An honest dialogue about love, life, and everything in-between...

Thursday, February 28, 2008


12:07 AM |

...celebrating those we forget

With the end of Black History month upon us, I found myself underwhelmed with the amount of attention paid to it this year. Normally I'm sickened by hip-hop versions of various product commercials, and constant talks about Martin and Malcolm. Even McDonald's didn't do their 365 commercials this year. I can say that I give credit to Freestyle Collective who developed VH1's "Black Is" station id's this year. Really click on the link and view it. By far the most impressive Black History month animation and information I've seen by a cable network.

Every year we love to pay attention to the great contribution of Blacks in music, art, literature and culture. However to limit the tales of our contributions to those areas makes us appear to be very one dimensional people. Remember "in olden times" it was only acceptable for Black people to be successful in those fields and in a sense we are continuing to perpetuate that belief. Black people have contributed in huge ways in many other fields, so with the help of 101 Little Know Black History Facts, I'd like to share a few accomplishment from those we've forget given the spot light to.

Walter S. McAfee is the African American mathematician and physicist who first calculated the speed of the moon. McAfee participated in Project Diana in the 1940s - a U.S. Army program, created to determine whether a high frequency radio signal could penetrate the earth's outer atmosphere. Official news of this scientific breakthrough did not include McAfee's name, nor was there any recognition of the essential role he played. But Americans could not have walked on the moon had it not been for Walter S. McAfee and his calculations.

Alexander Lucius Twilight was the first African American to receive a college degree. He earned a bachelor’s degree from Middlebury College in 1823.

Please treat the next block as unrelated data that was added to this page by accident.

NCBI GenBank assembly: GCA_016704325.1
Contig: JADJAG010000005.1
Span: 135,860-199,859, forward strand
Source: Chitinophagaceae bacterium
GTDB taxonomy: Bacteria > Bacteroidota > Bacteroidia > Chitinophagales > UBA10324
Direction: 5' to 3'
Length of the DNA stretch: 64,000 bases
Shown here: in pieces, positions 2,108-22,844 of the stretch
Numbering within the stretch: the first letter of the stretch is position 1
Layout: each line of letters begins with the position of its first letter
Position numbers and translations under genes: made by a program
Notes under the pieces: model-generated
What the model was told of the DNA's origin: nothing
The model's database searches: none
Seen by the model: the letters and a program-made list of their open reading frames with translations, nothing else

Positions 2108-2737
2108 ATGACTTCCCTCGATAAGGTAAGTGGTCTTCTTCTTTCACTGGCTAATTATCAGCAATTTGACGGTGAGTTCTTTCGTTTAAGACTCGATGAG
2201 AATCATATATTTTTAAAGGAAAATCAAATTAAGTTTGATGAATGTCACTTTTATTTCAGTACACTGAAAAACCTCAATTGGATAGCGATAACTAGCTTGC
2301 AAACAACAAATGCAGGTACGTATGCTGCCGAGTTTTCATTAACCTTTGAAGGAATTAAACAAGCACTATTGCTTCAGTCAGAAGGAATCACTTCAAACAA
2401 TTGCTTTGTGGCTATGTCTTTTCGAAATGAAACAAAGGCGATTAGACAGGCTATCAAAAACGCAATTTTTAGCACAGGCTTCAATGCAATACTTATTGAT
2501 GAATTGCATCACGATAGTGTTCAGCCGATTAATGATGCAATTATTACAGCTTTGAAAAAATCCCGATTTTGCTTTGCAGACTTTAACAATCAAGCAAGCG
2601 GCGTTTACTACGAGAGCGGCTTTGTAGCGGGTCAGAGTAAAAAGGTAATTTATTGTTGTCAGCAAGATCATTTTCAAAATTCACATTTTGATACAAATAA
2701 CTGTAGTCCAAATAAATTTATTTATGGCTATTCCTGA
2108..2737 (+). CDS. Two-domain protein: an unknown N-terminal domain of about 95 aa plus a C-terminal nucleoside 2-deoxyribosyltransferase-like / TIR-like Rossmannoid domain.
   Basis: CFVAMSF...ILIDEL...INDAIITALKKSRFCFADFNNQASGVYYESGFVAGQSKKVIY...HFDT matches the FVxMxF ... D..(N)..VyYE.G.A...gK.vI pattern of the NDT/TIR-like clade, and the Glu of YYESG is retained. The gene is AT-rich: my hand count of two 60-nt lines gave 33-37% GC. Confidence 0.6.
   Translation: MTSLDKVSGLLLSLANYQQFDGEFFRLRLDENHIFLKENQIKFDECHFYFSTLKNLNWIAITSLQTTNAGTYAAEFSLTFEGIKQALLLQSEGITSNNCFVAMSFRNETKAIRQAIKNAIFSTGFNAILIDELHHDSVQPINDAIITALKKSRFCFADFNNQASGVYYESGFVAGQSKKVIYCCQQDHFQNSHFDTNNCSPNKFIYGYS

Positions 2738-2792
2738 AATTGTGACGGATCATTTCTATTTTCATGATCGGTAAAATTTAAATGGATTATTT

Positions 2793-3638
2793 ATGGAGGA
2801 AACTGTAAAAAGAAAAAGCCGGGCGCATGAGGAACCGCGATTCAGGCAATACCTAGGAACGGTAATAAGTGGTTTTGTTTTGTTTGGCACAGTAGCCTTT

Louis Latimer was the only African American engineer/scientist member of the elite Edison Pioneers research and development organization. Until Latimer's process for making carbon filament, Edison's light bulbs would burn only for a few minutes. Latimer's filament burned for hours.

A tailor in New York City, Thomas L. Jennings is credited with being the first African American to hold a U.S. patent. The patent, which was issued in 1821, was for a dry-cleaning process.

Otis Boykin’s most noteworthy invention was an electrical mechanism, created in 1955, as a regulating unit for the heart pacemaker. Boykin also invented a type of resistor (an electric circuit element) commonly in use today in radios, computers, and television sets.

The first Blacks to settle in Alabama were Moors that arrived with the Spanish in 1540— 80 years before the pilgrims.

Jefferson Franklin Long becomes first Black person to speak in the House of Representatives as a congressman in 1871.

Diahann Carroll was the first African American woman to have her own weekly television series, “Julia.”

In 1954, with Barbara Jordan as the leader, the all-Black Texas Southern University debate team stunned and beat the Harvard debate team. She was also the first black woman to serve as in congress on behalf of a southern state.

Sophia Tucker and Harriet Giles, the founders of Spelman College, used just $100 to found this Historically Black College. FYI Spelman is not the only Historically Black all girls university; Bennett College in Greensboro, NC is the other one. (Spent many summers there).

Born in New Haven, Connecticut, Edward Alexander Bouchet was the first African American to graduate (1874) from Yale College. In 1876, upon receiving his Ph.D. in physics from Yale, he became the first African American to earn a doctorate. Bouchet spent his career teaching college chemistry and physics.

Joseph N. Jackson invented a programmable remote control for television.

Benjamin O. Davis, Jr., became the first African American general in the U.S. Air Force in 1954.

If you enjoy buying fresh food from across the country at your local supermarket, you have an African American inventor named Frederick McKinley Jones to thank. He invented the air-cooling units used in food transporting trucks in the 1930s, and was awarded more than 60 patents over the course of his life, 40 of which involved refrigeration equipment.

Alice Parker, in 1918, created a heating furnace that could be used to heat an entire living space.

Col. Guion S. Bluford, Jr., Ph.D. (USAF) was the first African American in space. He has flown missions on STS–8, STS 61–A, STS–39, and STS–53.